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Wanted: "Rockycat's" Chopped Liver Recipe

m
MsMel608 Dec 18, 2006 08:31 PM

Rockycat, on Sept 16 in a reply for good chopped liver in Raleigh request, you referred to your recipe from the "2nd Avenue Deli".
Is there a chance I can get that recipe? You can email me at MsMel608@aol.com if it is too long to post. Thanks

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  1. h
    HillJ Dec 18, 2006 08:57 PM

    CHOPPED LIVER COURTESY OF SECOND AVENUE DELI
    (serves 8)

    1 1/2 pounds beef liver
    1 pound chicken liver
    corn oil for drizzling
    1 tablespoon plus 2 teaspoons corn oil
    1 tablespoon plus 2 teaspoons schmaltz (chicken fat)
    4 cups onions, coarsely chopped
    4 hard-boiled eggs, peeled
    1 tablespoon schmaltz (chicken fat)
    2 teaspoons salt
    1/4 teaspoon pepper

    1. Turn on broiler. Rinse liver thoroughly, and cut away membranes and extra fat. Cut beef liver into 1-inch pieces; chicken livers can remain whole. Place beef and chicken livers in a large baking pan, and drizzle with corn oil (pour oil into a flatware tablespoon and drizzle over livers; two tablespoons are ample). Broil 8-10 minutes (keep an eye on it to make sure it doesn't burn). Turn liver pieces, and broil for another 5 minutes. Liver should be fully cooked and lightly browned on both sides. Let chill in the refrigerator.
    2. In a large skillet, heat 1 tablespoon plus 2 teaspoons corn oil and the same amount of schmaltz, and sauté onions until well browned. Let chill in the refrigerator.
    3. In a food processor, combine liver, onions, hard-boiled eggs, 1 tablespoon schmaltz, salt, and pepper, and blend until smooth. You'll have to do it in batches. Chill before serving.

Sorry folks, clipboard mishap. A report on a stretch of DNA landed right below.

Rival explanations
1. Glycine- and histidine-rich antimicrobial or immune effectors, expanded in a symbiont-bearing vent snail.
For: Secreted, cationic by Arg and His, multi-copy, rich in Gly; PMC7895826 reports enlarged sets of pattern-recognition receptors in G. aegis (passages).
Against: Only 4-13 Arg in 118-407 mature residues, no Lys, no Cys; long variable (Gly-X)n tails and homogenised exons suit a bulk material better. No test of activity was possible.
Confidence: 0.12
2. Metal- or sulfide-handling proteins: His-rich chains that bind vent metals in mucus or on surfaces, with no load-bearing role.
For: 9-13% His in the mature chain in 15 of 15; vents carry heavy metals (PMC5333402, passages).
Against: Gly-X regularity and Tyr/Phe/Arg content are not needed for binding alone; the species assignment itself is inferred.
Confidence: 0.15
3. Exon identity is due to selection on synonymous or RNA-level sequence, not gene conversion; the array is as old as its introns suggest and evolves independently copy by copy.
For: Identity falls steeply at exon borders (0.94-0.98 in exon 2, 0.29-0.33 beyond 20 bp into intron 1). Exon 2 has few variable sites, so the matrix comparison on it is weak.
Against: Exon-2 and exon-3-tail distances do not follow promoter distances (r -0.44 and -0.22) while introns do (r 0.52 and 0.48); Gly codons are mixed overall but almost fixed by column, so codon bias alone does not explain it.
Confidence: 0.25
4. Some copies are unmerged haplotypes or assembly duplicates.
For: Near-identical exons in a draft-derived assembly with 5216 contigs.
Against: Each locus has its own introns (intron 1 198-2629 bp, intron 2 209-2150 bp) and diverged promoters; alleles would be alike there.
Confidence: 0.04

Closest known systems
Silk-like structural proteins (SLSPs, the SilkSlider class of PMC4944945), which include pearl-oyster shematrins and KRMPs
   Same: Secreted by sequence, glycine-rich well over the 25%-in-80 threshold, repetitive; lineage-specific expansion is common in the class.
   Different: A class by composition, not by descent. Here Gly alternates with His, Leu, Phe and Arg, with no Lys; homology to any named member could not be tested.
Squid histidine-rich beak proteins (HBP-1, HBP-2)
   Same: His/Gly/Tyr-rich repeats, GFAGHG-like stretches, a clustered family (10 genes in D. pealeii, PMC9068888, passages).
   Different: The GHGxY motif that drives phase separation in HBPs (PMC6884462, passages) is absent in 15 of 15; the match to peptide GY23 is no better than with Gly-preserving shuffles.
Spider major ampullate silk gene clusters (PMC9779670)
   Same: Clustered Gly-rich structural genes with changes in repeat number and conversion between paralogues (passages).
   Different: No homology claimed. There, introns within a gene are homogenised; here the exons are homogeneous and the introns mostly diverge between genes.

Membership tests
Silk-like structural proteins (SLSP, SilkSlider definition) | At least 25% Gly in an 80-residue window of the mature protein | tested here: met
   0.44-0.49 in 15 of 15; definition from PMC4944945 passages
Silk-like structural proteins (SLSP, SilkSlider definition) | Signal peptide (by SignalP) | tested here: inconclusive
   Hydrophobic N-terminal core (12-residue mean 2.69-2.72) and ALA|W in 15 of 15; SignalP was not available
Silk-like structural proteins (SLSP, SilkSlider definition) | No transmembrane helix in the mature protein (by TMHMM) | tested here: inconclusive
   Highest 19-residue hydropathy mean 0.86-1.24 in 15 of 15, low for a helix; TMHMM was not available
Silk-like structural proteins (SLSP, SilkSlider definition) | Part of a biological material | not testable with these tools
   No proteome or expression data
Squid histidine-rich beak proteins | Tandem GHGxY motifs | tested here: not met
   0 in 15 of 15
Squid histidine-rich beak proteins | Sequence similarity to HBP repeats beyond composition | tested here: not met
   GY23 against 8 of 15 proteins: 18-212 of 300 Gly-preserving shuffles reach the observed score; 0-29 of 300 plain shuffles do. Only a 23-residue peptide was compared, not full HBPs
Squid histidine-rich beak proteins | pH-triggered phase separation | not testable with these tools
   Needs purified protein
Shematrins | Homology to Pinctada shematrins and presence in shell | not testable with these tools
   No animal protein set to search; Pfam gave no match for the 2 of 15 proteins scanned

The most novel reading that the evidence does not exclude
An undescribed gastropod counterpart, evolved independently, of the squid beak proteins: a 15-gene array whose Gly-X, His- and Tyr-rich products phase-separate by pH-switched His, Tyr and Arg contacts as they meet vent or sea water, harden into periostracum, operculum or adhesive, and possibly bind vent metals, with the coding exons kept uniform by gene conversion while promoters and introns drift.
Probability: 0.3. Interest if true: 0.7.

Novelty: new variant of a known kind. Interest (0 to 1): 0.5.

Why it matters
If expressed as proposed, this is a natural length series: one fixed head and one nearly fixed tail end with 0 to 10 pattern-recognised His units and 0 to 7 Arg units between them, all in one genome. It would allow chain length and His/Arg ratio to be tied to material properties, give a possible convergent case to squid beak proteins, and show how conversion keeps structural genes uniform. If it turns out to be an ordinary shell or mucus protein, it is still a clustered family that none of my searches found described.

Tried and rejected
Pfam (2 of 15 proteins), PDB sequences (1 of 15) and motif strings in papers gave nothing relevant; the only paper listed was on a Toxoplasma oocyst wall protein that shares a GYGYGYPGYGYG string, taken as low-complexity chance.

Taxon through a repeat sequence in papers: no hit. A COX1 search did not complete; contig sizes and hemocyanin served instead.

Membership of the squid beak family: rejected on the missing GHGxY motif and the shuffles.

Note: Though the above is the official deli version, some people prefer to use only chicken livers. It makes a lighter, creamier chopped liver.

    3 Replies
    1. re: HillJ
      CapeCodGuy Dec 19, 2006 02:04 PM

      My recipe is very similar here...my gold 'standard' is the huge bowl of copped liver in the bar at the original Carson's Ribs in Chicago. I use only chix livers, never beef. I also add 4-5 cloves minced garlic and 2 tblsp of fine cognac before food processing. I also find little difference in boiled vs. brolied or sauteed livers so I boil as its easier.

      1. re: CapeCodGuy
        h
        Hope001 Aug 23, 2009 05:15 AM

        I've been looking for the Carson's recipe for Chopped Liver for a very long time. It's the BEST!! Do you think you can share the recipe? I'd really appreciate it. Thank You!

      2. re: HillJ
        r
        rockycat Dec 19, 2006 02:24 PM

        Thanks for copying it out. CH'ers are terrific!

        It's a matter of personal taste, but I really prefer the version with a combination of beef and chicken livers. I also use the coarse plate on a food grinder rather than a food processor. All chicken liver and a processor will give you a more pate-like end product. I like the coarser, more haimish style. It brings back memories of my grandmother standing there chopping the livers by hand with a mezzaluna. Of course I'm sure they didn't call it a "mezzaluna" in Romania.

        The broiling is necessary if you need your liver to be kosher. It is the only acceptable way to kasher liver. If kashrut isn't an issue then sauteeing is just fine.

      3. m
        MsMel608 Dec 19, 2006 05:11 PM

        Thanks for all the replies.Been searching the net, but think I have the best choices here. I don't know if I prefer beef, chicken or mixed. I'm from Detroit and Guliano's in the hotel across from fairlane mall had a scrumpious recipe that I could not stop eating (about 2o years ago). They changed the recipe and the look was lighter in color and milder in taste. I never enjoyed that as much. I'm thinking I'll try the recipe with the combination first

        1. greygarious Aug 23, 2009 07:22 AM

          Regardless of whether you use beef or chicken, I'd recommend sauteeing if it doesn't violate your religious restrictions. If you think about cooking ANYTHING, sauteeing and broiling create caramelization/Maillard reaction, which develops more flavor than does boiling or steaming. Sauteeing in small pieces means not only faster and easier to control, but more surface area than broiling, hence more flavor. Even more when you give the onions a head start, then add the livers to the pan.

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